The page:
Although trained as an architect, Domenico “Ico” Parisi (1916 – 1996) was very much a renaissance man, and intensely interested in all forms of art. Not wanting to be labeled just as an industrial designer, painter, photographer or installation artist, he participated in all these forms, as well as in architecture in his more than fifty years’ creative life. Together with his wife Luisa, Ico Parisi created many classic pieces of design, and their look was the epitome of Modern Italian style in the 1950s.
Born in Palermo, Italy to an art teacher father, Parisi lived almost his entire life in Como, Italy, a lakeside resort town. His worldview however, was anything but provincial. He was drawn to Como at a young age because of progressive architects based in the region, including Pietro Lingeri and Gianni Mantero, from whom Parisi hoped to learn. He began his knowledge of building at the age of 15 by training in construction in Como, after which he worked at the office of architect Giuseppe Terragni—pioneer of Italian Modernism–also in Como. During a stint in filmmaking in the mid 1930s he worked on such experimental films as Como + Como + Como (1937) and Risanamento Edilizio della Citta di Como (Structural rehabilitation of the city of Como, 1939). In 1937 Parisi was involved in the design of the colonial exhibition in the Villa Olmo in Como, along with Giovanni Galfetti, Silvio Longhi, and Fulvio Cappelletti. Parisi was drafted into military service in 1940 in the role of Pontonnier , an officer in charge of bridge equipment and construction of pontoon bridges, and served in France, Yugoslavia and Russia.
Ico Parisi eventually returned to architecture. He was founding member of the Gruppo Como and Alta Quota (which included Galfetti, Longhi and Cappelletti), where he met his future wife, Luisa Aiani. Luisa was a protégée of Gio Ponti. They married in 1947 and in April 1948 they together formed La Ruota (“the wheel”), a studio where the pair worked alongside each other creating their most famous pieces—among them, the Model 813 Uovo (Egg) Chair for Cassina (1951). Their friend Ponti was inspired to write of the design: “My dear, your egg chair is a marvel. You are a master, and all that is left for me is to retire and live in Civate in oblivion.”
La Ruota became known as a meeting place for artist–designer friends such as Lucio Fontana, Bruno Munari, Franscesco Somaini, Mario Radice, and Fausto Melotti. One resulting collaborative project was the Pavilion for the tenth Trienalle di Milano, completed in partnership with architects Silvio Longhi and Luigi Antonietti: its reinforced walls of concrete and glass formed a spiral-shaped room. Parisi believed in the integration of design, fine art, and architecture. One such space which embodies this synthesis is Casa Bolgiana in Como, a house that manifests the sculptural, built in furniture of lacquered woods, curved silhouettes, abstract paintings and ceramic plates designed by his friends.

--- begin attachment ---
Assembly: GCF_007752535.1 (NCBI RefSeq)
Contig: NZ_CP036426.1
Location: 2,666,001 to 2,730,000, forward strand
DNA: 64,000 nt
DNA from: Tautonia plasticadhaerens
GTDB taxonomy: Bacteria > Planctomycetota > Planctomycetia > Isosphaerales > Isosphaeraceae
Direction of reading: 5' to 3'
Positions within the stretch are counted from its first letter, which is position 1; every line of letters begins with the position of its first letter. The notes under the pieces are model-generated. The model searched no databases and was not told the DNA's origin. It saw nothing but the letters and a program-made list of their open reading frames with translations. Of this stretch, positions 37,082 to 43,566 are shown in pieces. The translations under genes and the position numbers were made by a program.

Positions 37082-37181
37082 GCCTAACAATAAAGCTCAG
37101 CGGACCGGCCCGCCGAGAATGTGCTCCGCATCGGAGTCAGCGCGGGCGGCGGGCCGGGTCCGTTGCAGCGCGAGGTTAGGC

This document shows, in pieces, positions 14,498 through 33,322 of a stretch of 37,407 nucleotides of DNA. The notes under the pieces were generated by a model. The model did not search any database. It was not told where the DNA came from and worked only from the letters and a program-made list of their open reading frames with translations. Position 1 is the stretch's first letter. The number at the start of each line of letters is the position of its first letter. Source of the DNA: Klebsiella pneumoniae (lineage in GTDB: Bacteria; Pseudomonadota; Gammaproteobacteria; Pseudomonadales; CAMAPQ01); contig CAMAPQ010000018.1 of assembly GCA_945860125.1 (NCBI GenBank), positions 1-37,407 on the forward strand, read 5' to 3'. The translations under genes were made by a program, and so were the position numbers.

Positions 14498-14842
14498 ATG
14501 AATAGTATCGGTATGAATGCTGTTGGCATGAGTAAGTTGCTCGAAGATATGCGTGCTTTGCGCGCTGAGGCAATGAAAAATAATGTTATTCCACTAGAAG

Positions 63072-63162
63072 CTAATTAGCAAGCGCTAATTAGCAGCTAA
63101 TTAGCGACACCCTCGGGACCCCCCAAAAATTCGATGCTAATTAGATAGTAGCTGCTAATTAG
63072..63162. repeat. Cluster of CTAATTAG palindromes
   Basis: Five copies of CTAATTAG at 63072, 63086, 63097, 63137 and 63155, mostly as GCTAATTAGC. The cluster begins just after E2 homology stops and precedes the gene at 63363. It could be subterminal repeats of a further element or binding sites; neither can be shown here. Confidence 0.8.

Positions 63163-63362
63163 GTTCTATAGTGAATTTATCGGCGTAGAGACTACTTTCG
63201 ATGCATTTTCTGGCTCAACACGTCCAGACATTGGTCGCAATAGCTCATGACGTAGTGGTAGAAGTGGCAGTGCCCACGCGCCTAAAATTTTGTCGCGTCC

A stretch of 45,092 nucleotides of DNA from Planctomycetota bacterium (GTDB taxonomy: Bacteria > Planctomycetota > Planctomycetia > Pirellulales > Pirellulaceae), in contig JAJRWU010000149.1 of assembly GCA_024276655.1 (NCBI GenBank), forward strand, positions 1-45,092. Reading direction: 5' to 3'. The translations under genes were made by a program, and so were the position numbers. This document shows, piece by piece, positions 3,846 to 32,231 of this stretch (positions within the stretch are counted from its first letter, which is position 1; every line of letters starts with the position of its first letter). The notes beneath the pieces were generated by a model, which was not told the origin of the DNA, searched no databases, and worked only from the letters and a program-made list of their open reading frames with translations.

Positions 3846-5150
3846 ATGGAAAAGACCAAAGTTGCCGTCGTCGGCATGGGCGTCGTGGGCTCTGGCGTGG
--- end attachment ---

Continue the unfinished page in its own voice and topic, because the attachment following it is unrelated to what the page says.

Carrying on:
Clients whom the Parisi’s worked for included Altamira, Cassina, Longhi and Singer and Sons. Parisi also worked independently from Luisa, designing ceramics, glass, jewelry, furniture (primarily in metal and wood), and on architecture projects, some of which included the State Library of Milan and the interior of the 1948 Triennial Journalism Exhibition, working alongside painters and sculptors such as Umberto Milani, Melotti and Radice. Other famous designs attributed to Parisi are the Model 691 Chair (1955) as well as the Model 839. Not content with his level of knowledge, Parisi continued studying architecture after he opened La Ruota, studying in Lausanne, Switzerland under Alberto Sartoris at the Institute Atheneum from 1949 through 1952, and from whom he adopted the idea that architecture should renounce all useless, superfluous elements and that harmonious color and line are supreme. In 1956 Ico Parisi joined the Italian Associazione per il Disegno Industriale. After the 1960s he changed his approach from one of elegance to radical and experimental. His three family residences along Lake Como became increasingly avant-garde, filled with futuristic designs for production.
In later years (1972), Parisi worked with art critics Restany and Crispolti on projects that fused architecture and art, among them Ipotesi per a Casa Esistenziale (hypothesis for a house to survive), and an exhibition at the 1978 Bienalle di Venezia. Moving into the 1980s, he focused on jewelry, satirical objects, and bizarre, site-specific installations such as cars dipped in concrete, the documenta urbana in Kassel in 1982 and also the exhibition Les années 50 1988 in the Center Pompidou in Paris. Almost ten years later in Milan was dedicated his first solo exhibition, entitled Ico Parisi: l’Officina del possible.
Ico Parisi died in Como in 1996, preceded by his wife Luisa in 1990.